There are all sorts of sweeteners out there. Some are synthetic and born of chemistry, others are derived from all-natural ingredients. Monk fruit sweetener is the newest of these to appear in everything from candy to coffee creamer — but what is monk fruit, anyway? More importantly, how does this ancient fruit create such a sweet taste?
Please note that the fruit described on this article is not intended to be used as a replacement for actual medical care. If you have diabetes or any other condition, please contact your doctor before consuming significant amounts of monk fruit.
What is monk fruit?
Appearance-wise, monk fruit looks like a small green gourd, almost like a melon. It is so-named because of its association with Southern Chinese monks, who first used the fruit in the 13 century. According to ITM Online, the monks used the fruit for its various medicinal properties. Not only could the fruit provide relief from a sore throat, it could also enhance longevity and quality of life. In fact, those who live in the same Chinese province where it grows have been said to live up to 100 years old or older.
What is monk fruit used for? These days, it's commonly used as monk fruit sweetener.
Also known as Swingle fruit or lou han guo, the unusual taste combination of pure monk fruit might disavow any eater of its notion as a sweetener. Nevertheless, researchers in the 1950s were able to isolate the very sweet, subtle flavors from the overarching mess of flavor that was raw monk fruit.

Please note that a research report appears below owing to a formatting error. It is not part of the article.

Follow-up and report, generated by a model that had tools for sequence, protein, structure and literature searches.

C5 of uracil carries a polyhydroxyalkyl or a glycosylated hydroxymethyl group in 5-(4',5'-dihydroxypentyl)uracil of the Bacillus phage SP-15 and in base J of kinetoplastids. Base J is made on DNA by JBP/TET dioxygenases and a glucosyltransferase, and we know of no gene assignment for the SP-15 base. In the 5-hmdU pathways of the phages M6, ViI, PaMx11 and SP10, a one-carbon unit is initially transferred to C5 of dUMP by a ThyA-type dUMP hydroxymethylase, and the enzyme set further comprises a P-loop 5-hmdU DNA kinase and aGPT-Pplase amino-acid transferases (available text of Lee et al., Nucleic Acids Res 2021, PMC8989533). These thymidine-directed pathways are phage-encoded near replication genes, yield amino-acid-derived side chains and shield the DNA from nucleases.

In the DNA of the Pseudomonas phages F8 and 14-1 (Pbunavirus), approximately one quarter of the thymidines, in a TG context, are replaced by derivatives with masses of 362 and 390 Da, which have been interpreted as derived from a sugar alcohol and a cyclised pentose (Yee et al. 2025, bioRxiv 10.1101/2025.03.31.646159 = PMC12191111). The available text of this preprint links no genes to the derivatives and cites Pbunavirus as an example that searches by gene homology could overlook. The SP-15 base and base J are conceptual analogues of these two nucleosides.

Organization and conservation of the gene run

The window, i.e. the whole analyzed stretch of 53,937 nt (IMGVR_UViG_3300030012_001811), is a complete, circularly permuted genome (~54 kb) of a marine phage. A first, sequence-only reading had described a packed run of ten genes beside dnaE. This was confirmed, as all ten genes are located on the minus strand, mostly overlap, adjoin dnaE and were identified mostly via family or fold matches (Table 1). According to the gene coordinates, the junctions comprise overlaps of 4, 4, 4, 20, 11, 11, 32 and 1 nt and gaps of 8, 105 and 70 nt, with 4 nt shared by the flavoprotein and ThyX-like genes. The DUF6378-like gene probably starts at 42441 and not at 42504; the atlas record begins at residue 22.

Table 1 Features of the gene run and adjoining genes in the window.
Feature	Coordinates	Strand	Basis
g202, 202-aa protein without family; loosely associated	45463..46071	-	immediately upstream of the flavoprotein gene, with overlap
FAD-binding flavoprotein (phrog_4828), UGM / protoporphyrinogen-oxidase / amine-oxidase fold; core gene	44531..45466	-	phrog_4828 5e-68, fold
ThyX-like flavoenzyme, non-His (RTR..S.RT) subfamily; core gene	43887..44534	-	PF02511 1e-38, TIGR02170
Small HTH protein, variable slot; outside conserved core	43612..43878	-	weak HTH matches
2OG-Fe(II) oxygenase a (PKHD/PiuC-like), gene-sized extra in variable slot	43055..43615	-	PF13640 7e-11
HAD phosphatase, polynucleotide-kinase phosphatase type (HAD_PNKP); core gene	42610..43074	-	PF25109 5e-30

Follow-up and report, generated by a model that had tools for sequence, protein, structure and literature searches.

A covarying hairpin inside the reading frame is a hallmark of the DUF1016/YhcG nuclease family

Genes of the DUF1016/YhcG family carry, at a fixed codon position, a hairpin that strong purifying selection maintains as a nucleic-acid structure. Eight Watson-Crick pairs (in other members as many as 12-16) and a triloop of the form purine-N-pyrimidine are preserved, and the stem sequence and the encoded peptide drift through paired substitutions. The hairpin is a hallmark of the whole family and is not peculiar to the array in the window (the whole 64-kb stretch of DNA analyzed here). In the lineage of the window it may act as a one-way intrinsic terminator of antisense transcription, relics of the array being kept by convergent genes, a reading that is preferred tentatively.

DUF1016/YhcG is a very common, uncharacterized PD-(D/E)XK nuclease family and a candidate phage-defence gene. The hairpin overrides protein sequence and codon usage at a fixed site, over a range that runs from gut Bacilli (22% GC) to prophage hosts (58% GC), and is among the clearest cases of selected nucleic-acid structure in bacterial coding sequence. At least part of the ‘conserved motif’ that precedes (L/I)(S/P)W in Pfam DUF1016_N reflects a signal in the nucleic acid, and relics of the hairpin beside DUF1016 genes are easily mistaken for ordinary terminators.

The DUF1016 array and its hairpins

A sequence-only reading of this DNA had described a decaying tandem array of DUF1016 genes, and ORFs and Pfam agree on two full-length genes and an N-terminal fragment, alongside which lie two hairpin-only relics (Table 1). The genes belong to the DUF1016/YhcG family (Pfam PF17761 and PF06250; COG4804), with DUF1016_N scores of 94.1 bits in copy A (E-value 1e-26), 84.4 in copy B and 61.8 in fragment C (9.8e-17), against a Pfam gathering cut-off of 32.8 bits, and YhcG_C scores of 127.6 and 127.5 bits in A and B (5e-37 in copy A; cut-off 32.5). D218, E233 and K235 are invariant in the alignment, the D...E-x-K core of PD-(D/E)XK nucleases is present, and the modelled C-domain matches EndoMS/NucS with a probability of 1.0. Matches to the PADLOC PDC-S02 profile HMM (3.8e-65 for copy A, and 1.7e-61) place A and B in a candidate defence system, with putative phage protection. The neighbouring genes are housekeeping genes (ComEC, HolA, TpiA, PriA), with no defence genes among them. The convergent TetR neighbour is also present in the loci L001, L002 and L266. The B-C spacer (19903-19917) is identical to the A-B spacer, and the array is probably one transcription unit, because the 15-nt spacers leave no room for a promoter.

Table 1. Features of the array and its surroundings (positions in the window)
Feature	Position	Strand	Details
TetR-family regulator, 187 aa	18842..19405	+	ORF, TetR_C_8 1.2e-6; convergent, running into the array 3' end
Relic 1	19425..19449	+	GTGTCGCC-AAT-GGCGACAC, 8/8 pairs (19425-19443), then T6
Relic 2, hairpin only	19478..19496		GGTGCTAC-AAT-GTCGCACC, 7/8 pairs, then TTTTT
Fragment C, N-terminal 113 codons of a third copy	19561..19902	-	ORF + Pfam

According to Food Insight, the result was a sweetener that was 150 to 200 times sweeter than sugar, known as monk fruit sweetener. Monk fruit sweetener contributes sweetness to foods and beverages without adding calories or carbs; it's also vegan, keto friendly, and zero glycemic.
Is monk fruit good for you?
Eating the whole form of any whole fruit or vegetable has positive health effects. Research has shown that monk fruit can be used as an anti-inflammatory, which explains why the 13-century Chinese monks used it to soothe sore throats and colds. These anti-inflammatory elements work best when they are mixed into hot drinks, according to Healthline.
As for monk fruit sweetener, it can be safer than table sugar for people who have diabetes, because it doesn’t increase blood sugar levels, according to Healthline — but it is by no means a health food.
Can monk fruit be harmful?
Currently, monk fruit has not proven to be dangerous to anyone in particular. Sure, you might experience some bloating or excess gas, but the majority of the serious symptoms, namely allergic reactions, are few and far between. According to Super Foodly, the FDA has not reported that the “powder extract did not exhibit any cytotoxic or mutagenic potential.”
Stevia, on the other hand, has been found guilty of harmful mutagenic effects. Allergic reactions usually only happen if you’re already allergic to pumpkin, melons, squash, zucchini, cucumbers, or cantaloupe, or other common gourd-like fruits.